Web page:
I’m having a bit of a goaty moment. Not the whiskers on my chin kind, but goat cheese. Otherwise known as Chevre. I had tasted a few really great goat cheeses while I was in Tasmania and I wanted to continue the love when I got home. However, I didn’t want just any old goat cheese. I wanted to see if I could find a great local one. A quick search, and hey presto…I found Willowbrae.
Willowbrae is a family run goat farm, based at the foothills of the Hawkesbury Valley. They produce a number of products; from an unsalted 8 hour cream, the very popular fresh curd, marinated fetta, and mould ripened cheeses. Talking with David (at Fox Studio Farmers’ Market) who runs the front and back end of the business, (as he described) he milks the goats twice a day, while his wife and daughter do the cheesemaking.
The more I try of goat cheeses, the more I like. The very popular fresh curd is subtle, creamy, and really soft on the palate. I find this kind of cheese is really versatile to play around with. Whether it’s teamed up with a savoury style dish or something sweeter.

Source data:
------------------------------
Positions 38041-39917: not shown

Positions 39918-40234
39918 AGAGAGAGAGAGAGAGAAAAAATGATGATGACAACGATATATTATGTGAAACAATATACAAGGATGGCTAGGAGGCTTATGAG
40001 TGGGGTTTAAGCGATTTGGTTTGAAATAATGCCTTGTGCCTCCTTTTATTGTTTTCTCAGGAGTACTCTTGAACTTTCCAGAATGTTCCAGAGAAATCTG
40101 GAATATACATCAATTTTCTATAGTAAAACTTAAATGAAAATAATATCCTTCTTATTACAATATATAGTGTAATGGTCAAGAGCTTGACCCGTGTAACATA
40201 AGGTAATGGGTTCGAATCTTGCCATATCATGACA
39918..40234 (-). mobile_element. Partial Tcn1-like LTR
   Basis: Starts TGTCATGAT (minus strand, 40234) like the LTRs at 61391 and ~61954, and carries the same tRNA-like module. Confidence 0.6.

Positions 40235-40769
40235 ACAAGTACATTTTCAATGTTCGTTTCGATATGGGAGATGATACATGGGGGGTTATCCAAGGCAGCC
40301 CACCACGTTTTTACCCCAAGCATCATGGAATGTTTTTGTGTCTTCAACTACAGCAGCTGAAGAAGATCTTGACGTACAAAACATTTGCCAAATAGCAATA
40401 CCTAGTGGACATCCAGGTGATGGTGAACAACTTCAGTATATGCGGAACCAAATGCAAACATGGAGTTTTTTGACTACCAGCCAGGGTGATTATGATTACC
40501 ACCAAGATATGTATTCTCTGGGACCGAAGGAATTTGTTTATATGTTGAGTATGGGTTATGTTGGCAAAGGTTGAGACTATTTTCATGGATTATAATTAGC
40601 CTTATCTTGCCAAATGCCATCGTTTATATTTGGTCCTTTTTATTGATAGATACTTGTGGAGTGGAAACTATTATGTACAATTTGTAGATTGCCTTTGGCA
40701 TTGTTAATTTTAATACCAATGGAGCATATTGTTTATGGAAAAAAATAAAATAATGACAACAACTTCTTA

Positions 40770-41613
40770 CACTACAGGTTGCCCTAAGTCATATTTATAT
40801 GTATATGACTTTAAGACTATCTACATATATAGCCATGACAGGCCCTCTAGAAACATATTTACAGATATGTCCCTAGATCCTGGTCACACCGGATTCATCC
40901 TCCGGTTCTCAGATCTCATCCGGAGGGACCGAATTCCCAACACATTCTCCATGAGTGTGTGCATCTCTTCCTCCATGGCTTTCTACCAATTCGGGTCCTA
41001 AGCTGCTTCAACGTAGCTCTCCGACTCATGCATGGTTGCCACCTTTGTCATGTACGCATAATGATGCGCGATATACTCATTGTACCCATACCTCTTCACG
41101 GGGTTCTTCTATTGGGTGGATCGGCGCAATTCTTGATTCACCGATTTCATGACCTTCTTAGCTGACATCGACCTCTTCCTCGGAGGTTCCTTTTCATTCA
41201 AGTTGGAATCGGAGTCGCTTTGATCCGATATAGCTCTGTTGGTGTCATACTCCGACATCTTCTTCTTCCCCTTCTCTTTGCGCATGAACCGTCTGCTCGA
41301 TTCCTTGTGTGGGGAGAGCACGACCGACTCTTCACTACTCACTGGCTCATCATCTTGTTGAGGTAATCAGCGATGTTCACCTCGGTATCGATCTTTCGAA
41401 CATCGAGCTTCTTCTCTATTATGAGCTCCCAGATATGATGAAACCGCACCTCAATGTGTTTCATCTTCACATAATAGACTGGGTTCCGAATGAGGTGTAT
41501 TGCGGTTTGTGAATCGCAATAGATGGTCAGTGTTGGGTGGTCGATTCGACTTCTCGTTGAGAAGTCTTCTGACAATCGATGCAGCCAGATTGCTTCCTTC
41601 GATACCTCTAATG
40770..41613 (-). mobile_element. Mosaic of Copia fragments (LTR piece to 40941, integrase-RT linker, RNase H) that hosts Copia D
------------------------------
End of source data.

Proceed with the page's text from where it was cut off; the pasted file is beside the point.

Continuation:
So what does Chevre mean? It translates as goat in French, and is a generic term used for any goat cheeses. Musing on this I wondered if Italians called Chevre…well Chevre. Apparently not. Caprino is their term for goat cheese. Again derived from the word capra, meaning goat. I kind of liked the sounds of caprino. (But then as many people before me have said…everything sounds better in Italian.)
Back to the Chevre. Where to buy some of Willowbrae’s delicious cheese? See here for market days and times.
And what to do with it once you have the tasty little goat milk goodness in hand?
First up, I quickly made up some sourdough flat breads. Some of my dad’s garden cherry tomatoes, (the sweetest I’ve tasted in years.) Some of the creamy chevre, and a drizzle of The Little General’s olive oil.
Simple, I know where it all came from and damn tasty.